This case involves an international plaintiff who came to the United States from Switzerland to serve as a chief technology consultant for a consumer electronics corporation. The plaintiff had obtained a visa for this purpose. Within 2 months of arriving in the country, the plaintiff visited a ski resort in Colorado. She fell while skiing without a helmet and sustained a catastrophic brain injury. The plaintiff was subsequently forced to move back to Switzerland. An expert in immigration law was sought to opine on the case.
Foreign Business Professional Is Deported Following Ski Accident
Question(s) For Expert Witness
- 1. What is your experience in the immigration field?
- 2. Do you have knowledge of extensions on visa / green card due to an accident of this magnitude? Please explain.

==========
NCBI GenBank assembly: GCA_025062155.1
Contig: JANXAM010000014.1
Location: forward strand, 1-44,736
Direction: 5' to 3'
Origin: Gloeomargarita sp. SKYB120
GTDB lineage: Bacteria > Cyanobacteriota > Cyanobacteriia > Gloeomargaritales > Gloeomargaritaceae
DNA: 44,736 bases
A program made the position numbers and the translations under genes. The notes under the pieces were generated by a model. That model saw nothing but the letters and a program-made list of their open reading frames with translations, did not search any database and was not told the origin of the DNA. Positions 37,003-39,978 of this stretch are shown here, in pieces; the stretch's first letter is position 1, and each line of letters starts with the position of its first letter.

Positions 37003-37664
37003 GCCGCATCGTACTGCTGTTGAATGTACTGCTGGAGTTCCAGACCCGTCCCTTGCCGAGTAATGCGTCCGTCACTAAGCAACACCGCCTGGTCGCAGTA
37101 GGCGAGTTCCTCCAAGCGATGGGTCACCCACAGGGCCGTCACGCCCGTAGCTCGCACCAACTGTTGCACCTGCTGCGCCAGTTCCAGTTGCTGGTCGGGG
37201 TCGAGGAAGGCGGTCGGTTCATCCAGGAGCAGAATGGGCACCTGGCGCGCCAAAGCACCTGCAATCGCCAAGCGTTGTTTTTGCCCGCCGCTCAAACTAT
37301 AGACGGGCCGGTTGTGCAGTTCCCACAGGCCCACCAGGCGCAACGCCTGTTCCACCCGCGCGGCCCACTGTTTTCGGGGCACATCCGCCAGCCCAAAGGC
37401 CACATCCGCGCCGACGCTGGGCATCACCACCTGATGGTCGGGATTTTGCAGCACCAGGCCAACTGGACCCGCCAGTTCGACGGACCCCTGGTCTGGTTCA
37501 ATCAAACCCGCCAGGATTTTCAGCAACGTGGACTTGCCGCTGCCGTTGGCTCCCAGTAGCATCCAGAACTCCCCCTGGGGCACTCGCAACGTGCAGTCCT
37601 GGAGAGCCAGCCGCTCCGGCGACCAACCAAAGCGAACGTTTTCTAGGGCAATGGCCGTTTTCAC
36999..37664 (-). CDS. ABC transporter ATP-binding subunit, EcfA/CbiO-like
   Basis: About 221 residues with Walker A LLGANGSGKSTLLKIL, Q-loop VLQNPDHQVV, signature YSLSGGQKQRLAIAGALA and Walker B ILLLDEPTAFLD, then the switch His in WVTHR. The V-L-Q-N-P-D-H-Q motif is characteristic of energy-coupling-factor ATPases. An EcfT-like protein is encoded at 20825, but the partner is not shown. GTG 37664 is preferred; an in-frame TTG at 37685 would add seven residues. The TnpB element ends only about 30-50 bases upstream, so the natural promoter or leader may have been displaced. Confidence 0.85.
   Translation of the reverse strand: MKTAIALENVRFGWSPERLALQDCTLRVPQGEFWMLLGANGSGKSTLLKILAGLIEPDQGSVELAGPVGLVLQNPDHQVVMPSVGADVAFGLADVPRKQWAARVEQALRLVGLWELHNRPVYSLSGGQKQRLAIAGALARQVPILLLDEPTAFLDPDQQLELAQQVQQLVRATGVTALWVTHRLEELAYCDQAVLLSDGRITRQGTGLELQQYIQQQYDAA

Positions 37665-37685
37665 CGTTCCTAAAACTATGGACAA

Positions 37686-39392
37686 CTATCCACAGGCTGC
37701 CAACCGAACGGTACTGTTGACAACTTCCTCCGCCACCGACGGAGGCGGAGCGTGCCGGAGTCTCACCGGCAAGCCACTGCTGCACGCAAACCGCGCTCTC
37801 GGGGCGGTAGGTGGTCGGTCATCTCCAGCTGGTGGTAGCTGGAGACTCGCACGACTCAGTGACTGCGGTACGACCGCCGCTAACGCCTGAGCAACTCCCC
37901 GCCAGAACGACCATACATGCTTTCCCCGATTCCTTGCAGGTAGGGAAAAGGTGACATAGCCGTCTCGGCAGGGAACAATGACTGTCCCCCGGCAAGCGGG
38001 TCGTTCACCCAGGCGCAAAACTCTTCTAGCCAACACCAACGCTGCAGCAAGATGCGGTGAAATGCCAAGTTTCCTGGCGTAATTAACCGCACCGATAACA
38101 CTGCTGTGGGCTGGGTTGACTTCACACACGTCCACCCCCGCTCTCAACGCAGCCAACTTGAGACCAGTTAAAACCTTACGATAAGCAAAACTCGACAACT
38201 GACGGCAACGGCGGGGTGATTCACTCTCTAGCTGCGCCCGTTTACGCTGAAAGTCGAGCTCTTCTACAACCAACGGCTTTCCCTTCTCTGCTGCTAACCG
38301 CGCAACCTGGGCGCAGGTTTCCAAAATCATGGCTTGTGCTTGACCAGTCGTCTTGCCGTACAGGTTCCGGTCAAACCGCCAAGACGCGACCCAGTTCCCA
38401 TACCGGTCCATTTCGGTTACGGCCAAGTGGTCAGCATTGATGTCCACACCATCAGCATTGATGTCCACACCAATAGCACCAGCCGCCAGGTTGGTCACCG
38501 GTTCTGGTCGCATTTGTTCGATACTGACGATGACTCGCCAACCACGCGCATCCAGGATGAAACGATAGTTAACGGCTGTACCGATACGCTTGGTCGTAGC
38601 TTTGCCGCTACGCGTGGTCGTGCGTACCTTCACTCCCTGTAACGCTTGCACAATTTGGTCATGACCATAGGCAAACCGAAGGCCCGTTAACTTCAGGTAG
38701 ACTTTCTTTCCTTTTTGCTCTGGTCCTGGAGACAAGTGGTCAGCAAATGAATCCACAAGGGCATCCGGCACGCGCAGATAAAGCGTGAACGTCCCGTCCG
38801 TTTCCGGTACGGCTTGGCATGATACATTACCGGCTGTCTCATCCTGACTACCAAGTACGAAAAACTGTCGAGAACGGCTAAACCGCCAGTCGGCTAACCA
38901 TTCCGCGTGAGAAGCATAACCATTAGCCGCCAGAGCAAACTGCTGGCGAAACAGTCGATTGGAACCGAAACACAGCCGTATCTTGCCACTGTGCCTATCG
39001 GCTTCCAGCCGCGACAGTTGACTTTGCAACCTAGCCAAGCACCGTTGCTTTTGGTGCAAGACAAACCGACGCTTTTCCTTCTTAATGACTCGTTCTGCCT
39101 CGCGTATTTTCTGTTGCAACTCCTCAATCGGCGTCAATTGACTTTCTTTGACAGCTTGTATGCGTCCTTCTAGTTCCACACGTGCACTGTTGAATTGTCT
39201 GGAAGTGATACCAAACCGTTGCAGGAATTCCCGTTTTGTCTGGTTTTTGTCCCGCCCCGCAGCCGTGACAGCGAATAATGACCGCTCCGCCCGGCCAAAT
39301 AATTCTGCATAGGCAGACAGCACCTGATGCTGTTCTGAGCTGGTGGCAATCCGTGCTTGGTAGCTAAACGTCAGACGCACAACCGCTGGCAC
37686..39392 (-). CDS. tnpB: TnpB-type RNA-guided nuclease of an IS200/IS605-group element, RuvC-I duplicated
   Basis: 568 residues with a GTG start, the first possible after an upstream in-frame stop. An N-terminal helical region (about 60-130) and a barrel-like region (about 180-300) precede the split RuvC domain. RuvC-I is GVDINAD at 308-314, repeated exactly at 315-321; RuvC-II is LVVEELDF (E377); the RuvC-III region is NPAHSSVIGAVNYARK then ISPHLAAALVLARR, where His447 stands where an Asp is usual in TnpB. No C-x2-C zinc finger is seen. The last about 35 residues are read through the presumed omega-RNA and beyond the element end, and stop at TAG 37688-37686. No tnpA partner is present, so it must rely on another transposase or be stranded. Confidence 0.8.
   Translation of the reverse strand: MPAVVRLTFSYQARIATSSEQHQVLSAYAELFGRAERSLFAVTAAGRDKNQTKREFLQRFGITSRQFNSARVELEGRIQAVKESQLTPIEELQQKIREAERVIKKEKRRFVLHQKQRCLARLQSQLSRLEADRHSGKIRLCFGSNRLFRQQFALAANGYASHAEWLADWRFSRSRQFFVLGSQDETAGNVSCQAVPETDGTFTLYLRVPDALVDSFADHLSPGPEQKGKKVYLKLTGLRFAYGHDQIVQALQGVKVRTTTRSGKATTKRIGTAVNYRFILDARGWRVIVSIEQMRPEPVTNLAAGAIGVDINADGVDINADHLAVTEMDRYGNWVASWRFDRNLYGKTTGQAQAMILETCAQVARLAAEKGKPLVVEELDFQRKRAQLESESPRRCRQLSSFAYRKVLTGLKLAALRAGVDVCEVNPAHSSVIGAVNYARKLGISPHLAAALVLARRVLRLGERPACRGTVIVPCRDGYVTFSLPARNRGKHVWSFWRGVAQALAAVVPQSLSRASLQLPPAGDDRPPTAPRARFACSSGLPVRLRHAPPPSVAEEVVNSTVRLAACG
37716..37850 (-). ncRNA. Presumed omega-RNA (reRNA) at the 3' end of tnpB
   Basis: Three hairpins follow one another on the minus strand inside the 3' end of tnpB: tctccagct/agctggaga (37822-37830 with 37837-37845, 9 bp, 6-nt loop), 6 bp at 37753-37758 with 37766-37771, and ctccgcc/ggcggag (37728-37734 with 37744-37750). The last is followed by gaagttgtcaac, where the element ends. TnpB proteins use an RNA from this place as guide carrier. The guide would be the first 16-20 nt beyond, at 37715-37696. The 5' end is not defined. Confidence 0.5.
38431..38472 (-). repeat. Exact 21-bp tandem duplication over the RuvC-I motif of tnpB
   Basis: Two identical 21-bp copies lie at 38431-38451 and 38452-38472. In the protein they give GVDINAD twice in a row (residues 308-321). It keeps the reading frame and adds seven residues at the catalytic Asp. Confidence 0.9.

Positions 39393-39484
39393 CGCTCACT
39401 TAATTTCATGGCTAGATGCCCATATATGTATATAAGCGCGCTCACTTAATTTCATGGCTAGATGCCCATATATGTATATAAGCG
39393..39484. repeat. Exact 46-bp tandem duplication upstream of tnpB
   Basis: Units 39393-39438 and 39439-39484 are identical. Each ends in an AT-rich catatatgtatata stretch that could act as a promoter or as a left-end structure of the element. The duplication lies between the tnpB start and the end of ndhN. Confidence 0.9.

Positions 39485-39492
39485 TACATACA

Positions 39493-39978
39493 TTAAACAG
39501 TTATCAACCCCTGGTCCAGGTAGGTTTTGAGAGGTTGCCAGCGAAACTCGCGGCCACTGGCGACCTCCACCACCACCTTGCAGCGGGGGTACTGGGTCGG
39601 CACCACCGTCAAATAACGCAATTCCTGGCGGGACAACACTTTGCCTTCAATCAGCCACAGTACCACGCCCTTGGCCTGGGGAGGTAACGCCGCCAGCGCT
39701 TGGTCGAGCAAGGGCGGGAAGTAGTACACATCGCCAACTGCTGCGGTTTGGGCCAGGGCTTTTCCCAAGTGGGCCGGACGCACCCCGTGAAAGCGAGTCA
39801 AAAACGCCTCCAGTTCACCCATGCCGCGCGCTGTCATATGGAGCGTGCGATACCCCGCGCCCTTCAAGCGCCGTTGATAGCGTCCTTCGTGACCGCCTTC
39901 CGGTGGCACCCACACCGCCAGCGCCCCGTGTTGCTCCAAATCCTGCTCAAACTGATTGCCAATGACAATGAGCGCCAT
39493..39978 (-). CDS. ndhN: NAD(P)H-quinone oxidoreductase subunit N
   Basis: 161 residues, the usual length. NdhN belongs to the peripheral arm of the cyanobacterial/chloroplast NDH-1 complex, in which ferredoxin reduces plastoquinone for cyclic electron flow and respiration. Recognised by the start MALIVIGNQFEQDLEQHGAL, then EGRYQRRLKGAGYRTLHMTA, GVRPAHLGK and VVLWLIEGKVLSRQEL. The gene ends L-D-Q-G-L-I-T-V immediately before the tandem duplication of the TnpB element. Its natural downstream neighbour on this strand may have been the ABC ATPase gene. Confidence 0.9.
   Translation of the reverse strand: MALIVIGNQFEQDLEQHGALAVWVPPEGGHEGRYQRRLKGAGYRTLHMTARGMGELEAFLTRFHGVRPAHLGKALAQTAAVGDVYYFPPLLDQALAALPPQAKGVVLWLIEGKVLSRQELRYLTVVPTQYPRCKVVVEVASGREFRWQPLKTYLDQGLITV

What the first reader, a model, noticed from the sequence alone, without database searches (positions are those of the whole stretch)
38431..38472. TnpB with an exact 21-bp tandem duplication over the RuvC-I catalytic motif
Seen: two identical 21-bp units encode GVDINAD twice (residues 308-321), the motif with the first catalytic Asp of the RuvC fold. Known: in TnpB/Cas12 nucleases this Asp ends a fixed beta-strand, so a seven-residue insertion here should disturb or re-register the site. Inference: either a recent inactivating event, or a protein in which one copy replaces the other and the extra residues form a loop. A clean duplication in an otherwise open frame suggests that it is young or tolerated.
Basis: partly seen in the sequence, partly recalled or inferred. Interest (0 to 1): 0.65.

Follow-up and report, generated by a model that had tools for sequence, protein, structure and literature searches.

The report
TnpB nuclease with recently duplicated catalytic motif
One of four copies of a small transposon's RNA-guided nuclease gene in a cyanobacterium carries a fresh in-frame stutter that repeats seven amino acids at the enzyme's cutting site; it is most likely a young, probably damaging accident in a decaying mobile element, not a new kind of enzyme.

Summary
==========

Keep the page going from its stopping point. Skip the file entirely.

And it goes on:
Expert Witness Response E-045260
I practiced immigration law for 10 years and have taught the immigration law course at my law school for four and a half years. It sounds like she came on an E-2 visa. Was she in the process of applying for an extension of her E-2 when she needed to depart for Switzerland? In this case, the issue of whether she abandoned her extension request becomes the central issue. Or was she in the middle of adjusting status? Also, did the injury impair her ability to direct the investment? The accident itself has no bearing on the visa extension or green card application, but rather may have an effect on the physical presence and residency requirements. If she was in the middle of adjusting status, she needs to establish intent to live in the United States, in which case her return to Switzerland might be construed negatively. If she was in the middle of applying for an extension of her E-2 status, the return to Switzerland may be construed as an abandonment of her extension request. Both can theoretically be overcome, but would require different analyses and arguments.
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